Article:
ALLERGY, RESPIRATORY
Air Quality Better in Northeast, Midwest
Combating Myths About Seasonal Allergies
Keep Asthma, Allergies at Bay for the Holidays
ALTERNATIVE MEDICINE
Indigo Ointment Benefits Psoriasis Patients
Eight Spiritual Universal Principles in the Art of Practice
Acupuncture May Not Help Hot Flashes
ANIMAL CARE
Rest Easy. When It Comes to Swine Flu, Your Pet Is Safe
Animals Respond to Acupuncture's Healing Touch
Beware of Dog Bites
BONES & JOINTS
Rheumatoid Arthritis Rising Among U.S. Women
Resistance Training Boosts Mobility in Knee Arthritis Patients
Fruits and Veggies May Strengthen Bones
CANCER
Higher Vitamin D Intake Could Cut Cancer Risk
Women Smokers Lose 14.5 Years Off Life Span
Smoking Ups Risk of Second Breast Cancer
CAREGIVING
Many Hospital Patients Can't ID Their Doctors
Preventing Shaken Baby Syndrome
What Moms Learned May Be Passed to Offspring
CIRCULATORY SYSTEM
Support Network May Play Role in Benefits of Drinking
Salt Boosts Blood Pressure in High-Risk Patients
Exercise May Blunt Salt's Effect on Hypertension
COSMETIC
Mouse Study Finds Molecule That Tells Hair to Grow
The Acne Drug Accutane More Than Doubles Depression Risk
What to Do If You Have Unsightly Veins
DENTAL, ORAL
Good Oral Hygiene May Protect Against Heart Infections
Acupuncture May Ease Anxiety Over Dental Work
Gum Care Helps Control Type 2 Diabetes and Its Complications
DIABETES
Whole Grains Take a Bite Out of Type 2 Diabetes Risk
Vitamin K Slows Insulin Resistance in Older Men
24 Million Americans Had Diabetes in 2007
DIET, NUTRITION
6 Million U.S. Kids Lack Enough Vitamin D
Blueberry Drink Protects Mice From Obesity, Diabetes
Olive Oil May Be Key to Mediterranean Diet's Benefits
DISABILITIES
Review Finds Marijuana May Help MS Patients
Could Your Cell Phone Help Shield You From Alzheimer's?
ENVIRONMENTAL HEALTH
Plastics Chemical Tied to Aggression in Young Girls
Household Insecticides May Be Linked to Autoimmune Diseases
Genetics, Environment Shape Sexual Behavior
EYE CARE, VISION
Guard Kids' Eyes Against Long-Term Sun Damage
Eye Test Could Spot Diabetes Vision Trouble Early
Contact Lens Cases Often Contaminated
FITNESS
Meditation May Help Put Primary Insomnia to Bed
Vigorous Exercise Can Cut Breast Cancer Risk
Eating Well And Keeping Active As You Grow Old Will Help You Stay Sharp
GASTROINTESTINAL PROBLEMS
HRT Use Raises Risk of Stomach Trouble
Soothing Imagery May Help Rid Some Kids of Stomach Pain
Olive Oil May Protect Against Bowel Disease
GENERAL HEALTH
Spot light on Dani Antman New Lionheart teacher
U.S. Spends Billions On Alternative Medicine
More Calcium And Dairy Products in Childhood Could Mean Longer Life
HEAD & NECK
Ski Helmets Encouraged for All
Zen May Thicken Brain, Thwart Pain
Many Children Will Outgrow Headaches
HEALTH & TECHNOLOGY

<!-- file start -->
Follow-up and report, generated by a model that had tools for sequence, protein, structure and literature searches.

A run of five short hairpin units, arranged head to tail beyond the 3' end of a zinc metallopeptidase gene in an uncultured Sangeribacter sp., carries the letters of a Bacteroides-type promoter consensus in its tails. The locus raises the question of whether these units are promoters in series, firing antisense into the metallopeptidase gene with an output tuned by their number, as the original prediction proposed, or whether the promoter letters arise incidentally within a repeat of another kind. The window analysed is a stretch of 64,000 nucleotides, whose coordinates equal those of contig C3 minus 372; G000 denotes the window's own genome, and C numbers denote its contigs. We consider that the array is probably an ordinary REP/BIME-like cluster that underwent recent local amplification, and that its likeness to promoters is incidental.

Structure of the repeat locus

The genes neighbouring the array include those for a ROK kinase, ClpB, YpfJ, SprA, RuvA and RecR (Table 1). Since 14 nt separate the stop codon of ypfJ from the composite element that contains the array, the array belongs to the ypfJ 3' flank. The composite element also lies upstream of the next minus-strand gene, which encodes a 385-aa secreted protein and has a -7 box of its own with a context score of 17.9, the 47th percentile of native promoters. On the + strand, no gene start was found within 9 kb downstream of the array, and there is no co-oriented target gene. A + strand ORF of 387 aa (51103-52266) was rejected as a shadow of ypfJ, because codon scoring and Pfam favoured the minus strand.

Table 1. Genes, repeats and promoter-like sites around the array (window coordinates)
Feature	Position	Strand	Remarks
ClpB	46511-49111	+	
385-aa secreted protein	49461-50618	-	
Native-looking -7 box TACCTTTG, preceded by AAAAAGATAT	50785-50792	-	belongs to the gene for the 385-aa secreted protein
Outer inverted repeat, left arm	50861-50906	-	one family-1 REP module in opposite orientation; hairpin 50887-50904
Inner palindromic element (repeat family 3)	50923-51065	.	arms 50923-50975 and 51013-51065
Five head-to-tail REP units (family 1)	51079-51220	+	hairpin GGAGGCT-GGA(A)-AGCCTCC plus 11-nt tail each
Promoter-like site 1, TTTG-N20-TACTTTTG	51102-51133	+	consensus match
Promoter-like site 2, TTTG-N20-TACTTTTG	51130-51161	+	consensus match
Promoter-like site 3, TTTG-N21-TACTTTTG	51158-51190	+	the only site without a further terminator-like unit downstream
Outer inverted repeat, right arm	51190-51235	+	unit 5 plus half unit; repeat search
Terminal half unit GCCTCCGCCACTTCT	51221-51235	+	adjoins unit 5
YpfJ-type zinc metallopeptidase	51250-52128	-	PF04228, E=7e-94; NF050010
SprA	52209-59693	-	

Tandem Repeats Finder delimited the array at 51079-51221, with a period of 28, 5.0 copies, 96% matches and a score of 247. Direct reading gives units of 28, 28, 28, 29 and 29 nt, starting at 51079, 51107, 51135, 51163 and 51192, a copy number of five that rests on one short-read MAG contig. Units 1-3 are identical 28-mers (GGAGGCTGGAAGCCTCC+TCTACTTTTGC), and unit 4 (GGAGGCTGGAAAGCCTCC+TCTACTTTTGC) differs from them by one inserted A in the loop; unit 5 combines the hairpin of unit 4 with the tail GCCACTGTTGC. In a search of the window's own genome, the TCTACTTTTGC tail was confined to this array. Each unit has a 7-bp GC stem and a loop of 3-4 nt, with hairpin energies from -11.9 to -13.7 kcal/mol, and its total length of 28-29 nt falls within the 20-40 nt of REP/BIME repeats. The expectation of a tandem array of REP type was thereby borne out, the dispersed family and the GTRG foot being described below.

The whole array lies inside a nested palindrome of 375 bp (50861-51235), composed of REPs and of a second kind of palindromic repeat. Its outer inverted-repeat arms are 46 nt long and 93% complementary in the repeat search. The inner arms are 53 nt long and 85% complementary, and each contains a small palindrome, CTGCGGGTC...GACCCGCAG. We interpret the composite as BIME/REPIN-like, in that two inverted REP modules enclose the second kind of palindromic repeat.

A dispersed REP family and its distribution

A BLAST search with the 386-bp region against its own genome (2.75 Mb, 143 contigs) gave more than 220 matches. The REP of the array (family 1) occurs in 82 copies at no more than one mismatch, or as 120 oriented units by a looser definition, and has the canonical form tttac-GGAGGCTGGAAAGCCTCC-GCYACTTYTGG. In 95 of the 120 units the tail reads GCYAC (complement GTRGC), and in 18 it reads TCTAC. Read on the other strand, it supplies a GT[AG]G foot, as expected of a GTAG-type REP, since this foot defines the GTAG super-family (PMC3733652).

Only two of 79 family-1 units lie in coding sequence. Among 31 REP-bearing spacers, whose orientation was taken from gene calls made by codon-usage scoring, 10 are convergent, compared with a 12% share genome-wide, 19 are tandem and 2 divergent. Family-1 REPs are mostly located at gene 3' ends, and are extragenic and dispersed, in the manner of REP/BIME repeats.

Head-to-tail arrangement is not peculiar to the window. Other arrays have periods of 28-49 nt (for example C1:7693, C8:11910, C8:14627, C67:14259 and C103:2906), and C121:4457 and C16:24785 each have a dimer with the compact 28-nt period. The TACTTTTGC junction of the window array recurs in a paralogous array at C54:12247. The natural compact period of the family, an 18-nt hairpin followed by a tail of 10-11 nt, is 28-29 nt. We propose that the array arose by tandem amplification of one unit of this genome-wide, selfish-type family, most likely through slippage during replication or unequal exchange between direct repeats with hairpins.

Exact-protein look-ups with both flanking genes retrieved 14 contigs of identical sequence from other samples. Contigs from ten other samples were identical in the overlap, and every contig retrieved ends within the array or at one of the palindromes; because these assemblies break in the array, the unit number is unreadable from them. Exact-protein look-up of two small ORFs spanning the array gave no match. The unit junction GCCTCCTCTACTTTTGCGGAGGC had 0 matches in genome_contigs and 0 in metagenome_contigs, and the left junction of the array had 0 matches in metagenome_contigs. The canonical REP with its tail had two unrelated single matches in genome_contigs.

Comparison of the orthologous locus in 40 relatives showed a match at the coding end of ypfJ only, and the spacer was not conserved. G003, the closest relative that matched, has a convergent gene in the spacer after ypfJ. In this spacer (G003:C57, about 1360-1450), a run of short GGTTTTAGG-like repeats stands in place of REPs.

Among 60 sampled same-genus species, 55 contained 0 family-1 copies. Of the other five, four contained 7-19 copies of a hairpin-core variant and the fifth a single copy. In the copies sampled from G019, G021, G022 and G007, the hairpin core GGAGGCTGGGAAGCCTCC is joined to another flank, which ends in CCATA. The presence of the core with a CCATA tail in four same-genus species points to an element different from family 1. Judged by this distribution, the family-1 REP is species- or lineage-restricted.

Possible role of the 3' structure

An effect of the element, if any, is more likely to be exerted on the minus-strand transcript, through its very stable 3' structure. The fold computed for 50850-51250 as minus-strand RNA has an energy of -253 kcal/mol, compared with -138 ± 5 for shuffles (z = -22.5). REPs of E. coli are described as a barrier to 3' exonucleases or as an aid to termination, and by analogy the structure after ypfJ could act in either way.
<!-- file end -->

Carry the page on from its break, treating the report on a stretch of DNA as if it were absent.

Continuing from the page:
Magnet Therapy May Ease Hard-to-Treat Depression
'Cell Phone Elbow' -- A New Ill for the Wired Age
Subway Defibrillators Save Lives
HEARING
Summer Sounds Can Lead to Hearing Loss
Noise Hurts Men's Hearing More, Study Shows
HEART & CARDIOVASCULAR
Cocoa in Chocolate May Be Good for the Heart
Low Vitamin D Levels Linked to Heart Disease
Shedding Light on Why Omega-3 Fatty Acids May Help the Heart
INFECTIOUS DISEASE
Swine Flu Is Now a Pandemic Says W.H.O.
Viral Infection Might Trigger High Blood Pressure
More Medicinal Uses for Pomegranate
INFERTILITY
Obesity May Affect Fertility in Young Womene
KID'S HEALTH
Winter's Bitter Cold Poses Health Dangers
Better Sleep, Grades Seem to Go Up
Should Your Child Be Seeing a Chiropractor?
MEN'S HEALTH
More Vitamin C May Mean Less Chance of Gout
Countdown to Hair Loss
Could Chinese Herb Be a Natural Viagra?
MENTAL HEALTH
Daily dose of beet juice promotes brain health in older adults
Vitamin C Protects Some Elderly Men From Bone Loss
Love Hormone May Ease Discussion of Painful Topics
PAIN
Tai Chi May Help Ease Fibromyalgia
Are We Exercising Pain Away? Not So Much.
Alleviating Rheumatoid Arthritis
PHYSICAL THERAPY
PREGNANCY
Breast-Feeding Benefits Moms and Babies
Sleeping Could Help Women Lose The Baby Fat
Alternative Treatments May Boost IVF Success
SENIORS
More Whole Grains May Mean Less Fat
Older Adults May Have Some Immunity to Swine Flu
For Older Walkers, Faster Is Better
SEXUAL HEALTH
SLEEP DISORDERS
6 to 8 Hours of Shut-Eye Is Optimal for Health
Daylight Savings: Not a Bright Time for All
Meditation May Help Put Primary Insomnia to Bed
WOMEN'S HEALTH
Sleeping Could Help Women Lose The Baby Fat
Heal Your Life® Tips for Living Well
Exercise, Weight Control May Keep Fibromyalgia at Bay
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Too Much Sun, Too Few Antioxidants Spell Eye Trouble

By Amanda Gardner
HealthDay Reporter

TUESDAY, Oct. 14 (HealthDay News) -- If you're planning to retire to Florida or Arizona for health reasons, be sure to pack your sunglasses.